10% of Consumers Use BNPL at the Grocery Store

As macroeconomic challenges continue to rack budget-strapped consumers, a small but meaningful share of grocery shoppers is using buy now, pay later (BNPL) to buy the food they need.

By the Numbers

For PYMNTS’ new study “Tracking the Digital Payments Takeover: What BNPL Needs to Win Wider Adoption,” created in collaboration with Amazon Web Services, we surveyed more than 3,100 consumers in June about the features they expect from deferred payment plans.

The results revealed that, of the 20% who used BNPL, 56% leveraged the payment method to buy groceries.

The emergence of BNPL in grocery comes as consumers increasingly struggle to get by financially. Intelligence from the latest edition of PYMNTS’ “New Reality Check: The Paycheck-to-Paycheck Report,” created in collaboration with LendingClub, “The Nonessential Spending Deep Dive Edition,” revealed that, in July, 21% of consumers were living paycheck to paycheck with issues paying bills, up from 19% a year earlier.

Product types purchased with deferred payments

The Data in Action

Grocers are seeing this segment of consumers making difficult tradeoffs and buying fewer items overall.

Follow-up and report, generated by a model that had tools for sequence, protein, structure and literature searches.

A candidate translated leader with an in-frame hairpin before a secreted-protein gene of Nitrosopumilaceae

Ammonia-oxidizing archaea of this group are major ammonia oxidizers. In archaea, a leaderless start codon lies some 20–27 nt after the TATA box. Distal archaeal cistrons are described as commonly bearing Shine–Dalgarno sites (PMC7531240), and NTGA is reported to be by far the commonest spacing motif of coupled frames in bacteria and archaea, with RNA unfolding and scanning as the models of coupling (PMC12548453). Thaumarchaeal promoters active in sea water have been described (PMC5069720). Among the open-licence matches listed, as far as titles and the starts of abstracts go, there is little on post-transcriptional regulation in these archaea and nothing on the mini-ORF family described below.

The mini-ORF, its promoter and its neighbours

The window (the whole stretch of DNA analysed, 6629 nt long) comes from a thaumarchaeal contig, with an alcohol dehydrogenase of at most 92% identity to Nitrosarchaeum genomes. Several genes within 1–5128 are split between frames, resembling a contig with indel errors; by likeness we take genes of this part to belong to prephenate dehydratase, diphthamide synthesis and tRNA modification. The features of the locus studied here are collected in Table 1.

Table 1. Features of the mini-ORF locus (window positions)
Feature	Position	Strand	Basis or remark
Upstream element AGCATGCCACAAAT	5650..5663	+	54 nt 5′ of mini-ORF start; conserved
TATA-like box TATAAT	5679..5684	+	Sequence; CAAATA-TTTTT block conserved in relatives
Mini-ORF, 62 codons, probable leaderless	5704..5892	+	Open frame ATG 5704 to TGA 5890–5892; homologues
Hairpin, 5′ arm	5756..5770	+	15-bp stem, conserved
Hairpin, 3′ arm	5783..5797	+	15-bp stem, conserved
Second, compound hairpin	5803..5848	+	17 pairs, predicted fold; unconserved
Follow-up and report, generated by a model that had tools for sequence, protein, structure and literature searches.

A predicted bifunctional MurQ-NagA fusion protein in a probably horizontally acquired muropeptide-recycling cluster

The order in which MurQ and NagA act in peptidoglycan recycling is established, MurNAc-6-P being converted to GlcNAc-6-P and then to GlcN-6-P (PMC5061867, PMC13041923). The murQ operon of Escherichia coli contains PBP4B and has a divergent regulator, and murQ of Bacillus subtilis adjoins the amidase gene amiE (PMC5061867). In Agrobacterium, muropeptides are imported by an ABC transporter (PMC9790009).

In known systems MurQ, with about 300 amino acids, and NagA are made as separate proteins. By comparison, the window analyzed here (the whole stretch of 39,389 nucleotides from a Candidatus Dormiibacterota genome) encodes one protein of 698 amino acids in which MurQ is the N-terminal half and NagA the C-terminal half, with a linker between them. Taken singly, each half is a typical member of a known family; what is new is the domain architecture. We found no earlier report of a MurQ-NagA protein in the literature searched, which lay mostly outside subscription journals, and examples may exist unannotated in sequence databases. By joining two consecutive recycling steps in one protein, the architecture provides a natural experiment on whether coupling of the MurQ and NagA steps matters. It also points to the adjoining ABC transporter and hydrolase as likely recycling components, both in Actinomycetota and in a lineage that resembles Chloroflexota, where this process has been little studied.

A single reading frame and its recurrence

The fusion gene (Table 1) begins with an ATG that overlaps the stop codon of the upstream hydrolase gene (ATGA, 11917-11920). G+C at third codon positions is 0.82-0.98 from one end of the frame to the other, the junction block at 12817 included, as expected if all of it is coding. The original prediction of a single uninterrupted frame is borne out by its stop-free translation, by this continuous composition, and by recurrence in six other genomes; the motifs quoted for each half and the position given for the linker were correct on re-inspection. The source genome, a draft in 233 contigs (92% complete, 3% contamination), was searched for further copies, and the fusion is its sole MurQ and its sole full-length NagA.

Rodney McMullen, CEO of Kroger, the nation’s leading pure-play grocer, noted this trend on the company’s most recent earnings call in June.

“Our budget-conscious households are buying fewer items, particularly as [Supplemental Nutrition Assistance Program (SNAP)] benefits declined during the quarter,” he said at the time. “In some cases, we see these households switching to lower-priced products and smaller pack sizes. … While no one can predict the macroeconomic outlook with certainty, we expect customers, particularly those on tighter budgets, will continue to feel the effects of inflation and higher interest rates.”

Similarly, Walmart, the world’s largest grocery retailer, has also been seeing consumers struggle to make ends meet.

“Jobs, wages and pockets of disinflation are helping our customers, but rising energy prices, resuming student loan payments, higher borrowing costs, and tightening lending standards, and a drawdown in excess savings mean that household budgets are still under pressure,” CEO Doug McMillon said on the company’s last earnings call in August.